Campbell Collaboration review examines mindfulness based interventions in schools
The MYRIAD national programme of studies will address some of the uncertainties identified in a recent Campbell Collaboration study of mindfulness-based interventions in schools, which finds that "further evidence is needed to evaluate the effectiveness of this type of intervention," and calls for "rigorous evaluation of the practice should schools choose to implement it."
The review (1) published by the Campbell Collaboration Education Coordinating Group in March 2017, examines the effects of school-based MBIs on cognitive, behavioural, socio-emotional and academic achievement outcomes with youth in a primary or secondary school setting.
It includes a total of 61 studies in preschool, primary and secondary schools which reported at least one of these outcomes: cognition, academic performance, behaviour, socio-emotional, and physiological. Most of these studies were carried out in North America, as well as Asia, Europe and Canada. Interventions were conducted in a group format, ranging in duration from 4 to 28 weeks, covering between 6 to 125 sessions.
Findings from the review indicate mixed effects of MBIs in schools: “There is some indication that MBIs can improve cognitive and socio-emotional outcomes, but no support for improvement in behavior or academic achievement“. However, it adds, “These findings should be read with caution given the weakness of the evidence produced by the studies. The high risk of bias present in the studies means that further evidence is needed to evaluate the effectiveness of this type of intervention.” This review is one of several recent reviews, each reaching broadly similar conclusions (e.g., Klingbeil and colleagues, 2017; Zenner and colleagues, 2014). It is clearly time to move to larger scale and more definitive research to address these questions.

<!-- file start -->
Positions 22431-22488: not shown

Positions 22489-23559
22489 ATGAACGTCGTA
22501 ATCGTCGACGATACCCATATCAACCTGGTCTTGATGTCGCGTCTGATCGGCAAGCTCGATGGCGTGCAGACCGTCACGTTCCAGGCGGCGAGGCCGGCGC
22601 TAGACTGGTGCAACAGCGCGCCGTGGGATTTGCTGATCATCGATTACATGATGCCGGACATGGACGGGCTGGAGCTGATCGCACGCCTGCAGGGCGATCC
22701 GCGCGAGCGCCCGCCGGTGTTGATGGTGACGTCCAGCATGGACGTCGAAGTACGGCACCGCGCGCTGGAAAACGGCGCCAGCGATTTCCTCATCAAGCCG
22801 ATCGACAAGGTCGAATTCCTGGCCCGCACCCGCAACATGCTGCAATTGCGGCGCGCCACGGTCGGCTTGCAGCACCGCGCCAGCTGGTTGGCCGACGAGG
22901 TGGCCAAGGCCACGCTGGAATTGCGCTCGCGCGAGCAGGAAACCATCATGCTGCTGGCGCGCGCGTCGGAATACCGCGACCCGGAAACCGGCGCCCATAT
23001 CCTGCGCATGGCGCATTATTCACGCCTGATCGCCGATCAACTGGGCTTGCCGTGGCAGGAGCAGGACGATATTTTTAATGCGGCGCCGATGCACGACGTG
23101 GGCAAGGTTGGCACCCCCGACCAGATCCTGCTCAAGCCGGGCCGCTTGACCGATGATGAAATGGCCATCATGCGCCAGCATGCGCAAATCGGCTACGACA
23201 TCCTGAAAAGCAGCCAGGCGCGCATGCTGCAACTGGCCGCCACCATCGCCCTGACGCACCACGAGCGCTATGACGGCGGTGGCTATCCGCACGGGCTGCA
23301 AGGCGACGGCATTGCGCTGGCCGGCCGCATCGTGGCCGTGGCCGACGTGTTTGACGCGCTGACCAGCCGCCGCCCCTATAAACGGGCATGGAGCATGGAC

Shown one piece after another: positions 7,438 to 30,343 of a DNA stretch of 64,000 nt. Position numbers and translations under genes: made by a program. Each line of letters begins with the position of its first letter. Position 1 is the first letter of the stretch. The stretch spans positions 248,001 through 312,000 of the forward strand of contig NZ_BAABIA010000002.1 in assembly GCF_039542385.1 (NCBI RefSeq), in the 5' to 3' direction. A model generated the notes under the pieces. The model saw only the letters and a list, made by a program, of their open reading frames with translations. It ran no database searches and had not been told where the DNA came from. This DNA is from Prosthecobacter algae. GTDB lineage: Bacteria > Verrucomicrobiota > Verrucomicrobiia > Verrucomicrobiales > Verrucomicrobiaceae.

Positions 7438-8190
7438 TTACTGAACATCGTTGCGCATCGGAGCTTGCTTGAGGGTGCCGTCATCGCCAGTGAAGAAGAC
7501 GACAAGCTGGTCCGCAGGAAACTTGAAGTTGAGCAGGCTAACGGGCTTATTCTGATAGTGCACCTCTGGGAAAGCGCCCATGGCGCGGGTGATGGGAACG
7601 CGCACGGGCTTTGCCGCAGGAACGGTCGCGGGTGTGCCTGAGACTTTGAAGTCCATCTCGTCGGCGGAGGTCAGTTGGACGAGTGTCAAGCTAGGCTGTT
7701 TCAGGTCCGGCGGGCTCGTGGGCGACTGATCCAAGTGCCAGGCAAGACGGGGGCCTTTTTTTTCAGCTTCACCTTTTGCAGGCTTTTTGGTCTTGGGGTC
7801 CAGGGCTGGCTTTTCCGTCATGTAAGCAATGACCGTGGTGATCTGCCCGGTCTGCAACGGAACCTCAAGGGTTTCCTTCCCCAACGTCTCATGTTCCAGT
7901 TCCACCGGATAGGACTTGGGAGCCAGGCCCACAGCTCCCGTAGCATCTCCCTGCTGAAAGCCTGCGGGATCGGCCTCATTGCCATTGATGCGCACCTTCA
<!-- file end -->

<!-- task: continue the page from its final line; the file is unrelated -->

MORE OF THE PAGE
The national research programme MYRIAD, which started in 2015, will address some of these uncertainties, use enhanced study study designs and samples large and representative enough to answer the questions. It aims to investigate the effectiveness of school-based mindfulness training as a means of preparing young people to manage their emotional health and improving resilience. Funded by the Wellcome Trust, a series of linked research projects will recruit over 25,000 young people to examine the impact of mindfulness training, with follow ups of up to 2 years.
The three themes of the project will:
- examine whether MT improves resilience in young adolescents, how it effects their processing of thoughts and feelings, whether there are different effects at different stages of development, and examine effects among both those with poor or good mental health;
- discover the best way to train teachers to deliver a MT curriculum and how to implement it in schools; and
- conduct a large cluster-randomised controlled trial to establish whether mindfulness training in schools is effective and cost effective (Kuyken and colleagues, 2017).
The MYRIAD programme is led by Mark Williams and Willem Kuyken of the University of Oxford, Sarah-Jayne Blakemore of University College London, and Tim Dalgleish of the Medical Research Council in Cambridge. It brings together an international team on each of its three themes, see MYRIAD.
1 (Maynard BR, Solis MR, Miller VL, Brendel KE, Mindfulness-based interventions for improving cognition, academic achievement, behavior, and socioemotional functioning of primary and secondary schools students),